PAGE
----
When vacation comes, how hard do you try to spare others from doing your work? — Business Management Daily: Free Reports on Human Resources, Employment Law, Office Management, Office Communication, Office Technology and Small Business Tax Business Management Daily
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When vacation comes, how hard do you try to spare others from doing your work?

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Question: "I actually stress out a little when my vacation rolls around, because I feel I should work far ahead as a courtesy to the team so they don't have to do anything for me that I could conceivably do in advance. Without them ever asking me to make that effort, sometimes I wind up working frantically because I don't want to burden anyone during those two weeks. Am I doing the courteous thing, or am I unnecessarily taking on too much?" - Shayley, Tax Preparation Assistant

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{ 11 comments… read them below or add one }

Margaret February 15, 2017 at 10:41 am

I do the same thing. A big part of that is because I know how busy everyone else in the office is with their own job and this would alleviate some of their stress. But it is also so that I don’t have as much to clean up when I return from vacation. Relieves my stress at the back end after the vacation.


Jackqueline February 9, 2017 at 6:30 pm

Shayley you are taking on too much, every position should have a Standard Operating Procedures, and it should be created by the person who is doing the job. Mine is a step by step guide to what needs to be done, how it is done, and were to order/collect items.

I am about to go on 3 months leave, so for the last year I have been updating my SOP, because 2 months of my leave is long service the company will pay for a replacement for me and my manager will spread them part-time over the 3 months. This SOP will be helpful for them as they are a Temp, and it will be very useful for me when I come back as there shouldn’t be a mess to clean up.

Holidays are meant to be enjoyed and to reduce stress, not cause more.


Lori February 9, 2017 at 5:56 pm

It is great you do not want to burden your team with any work you can handle before you leave. However, while you are on vacation it is a great cross-training opportunity for them. They can learn some of the details of your position so if something happens at a later time and you are immediately called away for an extended period of time, (illness, family, etc.), the team is able to function adequately without you. (Not that you aren’t important; every team member is.) Do what HAS to be done while you are gone. Anything with a deadline you would not be able to meet while you are away. Other than that, let the team handle what’s left. You will not be stressed the last days at work and tense the first days of your vacation, and they will gain great knowledge to use later.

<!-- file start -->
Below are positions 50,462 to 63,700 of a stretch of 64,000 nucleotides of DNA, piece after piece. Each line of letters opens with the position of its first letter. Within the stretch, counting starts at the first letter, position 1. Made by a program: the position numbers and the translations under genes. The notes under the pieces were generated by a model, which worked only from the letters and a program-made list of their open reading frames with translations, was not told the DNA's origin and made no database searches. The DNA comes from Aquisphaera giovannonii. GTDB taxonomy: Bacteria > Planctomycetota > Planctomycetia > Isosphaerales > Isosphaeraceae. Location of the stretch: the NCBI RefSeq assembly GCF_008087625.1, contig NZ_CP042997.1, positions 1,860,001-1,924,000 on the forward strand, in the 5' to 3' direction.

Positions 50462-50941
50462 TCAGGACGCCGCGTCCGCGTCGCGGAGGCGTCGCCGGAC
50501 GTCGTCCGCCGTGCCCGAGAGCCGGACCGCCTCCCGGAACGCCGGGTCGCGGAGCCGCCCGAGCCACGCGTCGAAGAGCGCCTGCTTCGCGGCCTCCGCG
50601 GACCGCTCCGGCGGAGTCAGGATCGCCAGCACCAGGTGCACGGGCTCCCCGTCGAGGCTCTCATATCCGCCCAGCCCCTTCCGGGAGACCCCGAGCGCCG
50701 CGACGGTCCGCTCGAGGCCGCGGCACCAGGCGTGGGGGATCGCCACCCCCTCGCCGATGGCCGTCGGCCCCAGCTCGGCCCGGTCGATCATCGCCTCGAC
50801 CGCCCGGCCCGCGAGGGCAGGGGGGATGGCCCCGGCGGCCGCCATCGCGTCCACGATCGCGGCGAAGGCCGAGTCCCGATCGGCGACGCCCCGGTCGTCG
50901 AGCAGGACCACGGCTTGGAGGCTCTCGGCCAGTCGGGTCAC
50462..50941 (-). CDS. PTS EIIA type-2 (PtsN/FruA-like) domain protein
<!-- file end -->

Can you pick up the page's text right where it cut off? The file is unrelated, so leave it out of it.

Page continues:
Barbara Samuels February 9, 2017 at 5:40 pm

I had to take a family leave for 5 weeks, with only 2 weeks to prepare. By meeting with individuals, asking them what I needed to do for them, that helped a lot. I reviewed my regular list of responsibilities and made sure they would be taken care of. I also leaned on 2 admins as points of contact. I created a detailed out-of-office for e-mails so that others would know who to contact in my absence, including voice mail. It was all about planning and deep breathing.


Pat February 9, 2017 at 4:56 pm

Yes, I find myself doing that even if I take one day off and usually feel guilty for taking that one day.


Sharon Stoia February 9, 2017 at 4:45 pm

Most things don’t get done while I am out except for payroll which I taught a backup to do and wrote a Standard Operating Guideline for.

I still check it for accuracy upon my return since the person covering me does not normally process the Paid-On-Call Division payroll.

I need overtime to catch back up when I return but never get it.


Stacey February 9, 2017 at 4:15 pm

I just went through this exact same thing. I was scheduled to have surgery in January and was going to be out 3 weeks. So, in December I worked double-duty so that I could prevent things from slipping through the cracks while I was out. I learned, after the fact, as long as you communicate your needs and what needs to be taken care of while you are out, it’s okay to let others get a feel for how much you do and your responsibilities.


DeeDee February 9, 2017 at 4:11 pm

Because my work is cyclical and cannot be done in advance, I am not able to work ahead. There should be cross training completed so that you shouldn’t have to work harder just to take a needed and planned vacation. Putting that extra stress on you defeats the point of taking breaks. If you have planned your vacation far enough in advance, add the extra to do tasks to your weekly and daily planner that might help you to work ahead but in a more controlled and sane way.


Sandi February 9, 2017 at 4:05 pm

I think you must a wonderful employee to be so considerate. Still, it is important for your own sanity that you make sure that you are not putting too much stress on yourself or creating health challenges. How do you feel about it? That’s what matters.


Linda February 9, 2017 at 4:04 pm

I always work ahead, and then leave a one-two page list of appointments coming up and who the appointment is with. This is going to be real interesting in October when I’m out of the office for 12 days to attend the wedding of my niece in Italy. I hope


Mark February 9, 2017 at 10:29 am

Where I work, it’s common for everyone to do that. I agree that it is a courtesy. Everyone is already going to be busy doing their own job; we try to do all we can to lessen how much of our job that someone needs to cover in our absence.


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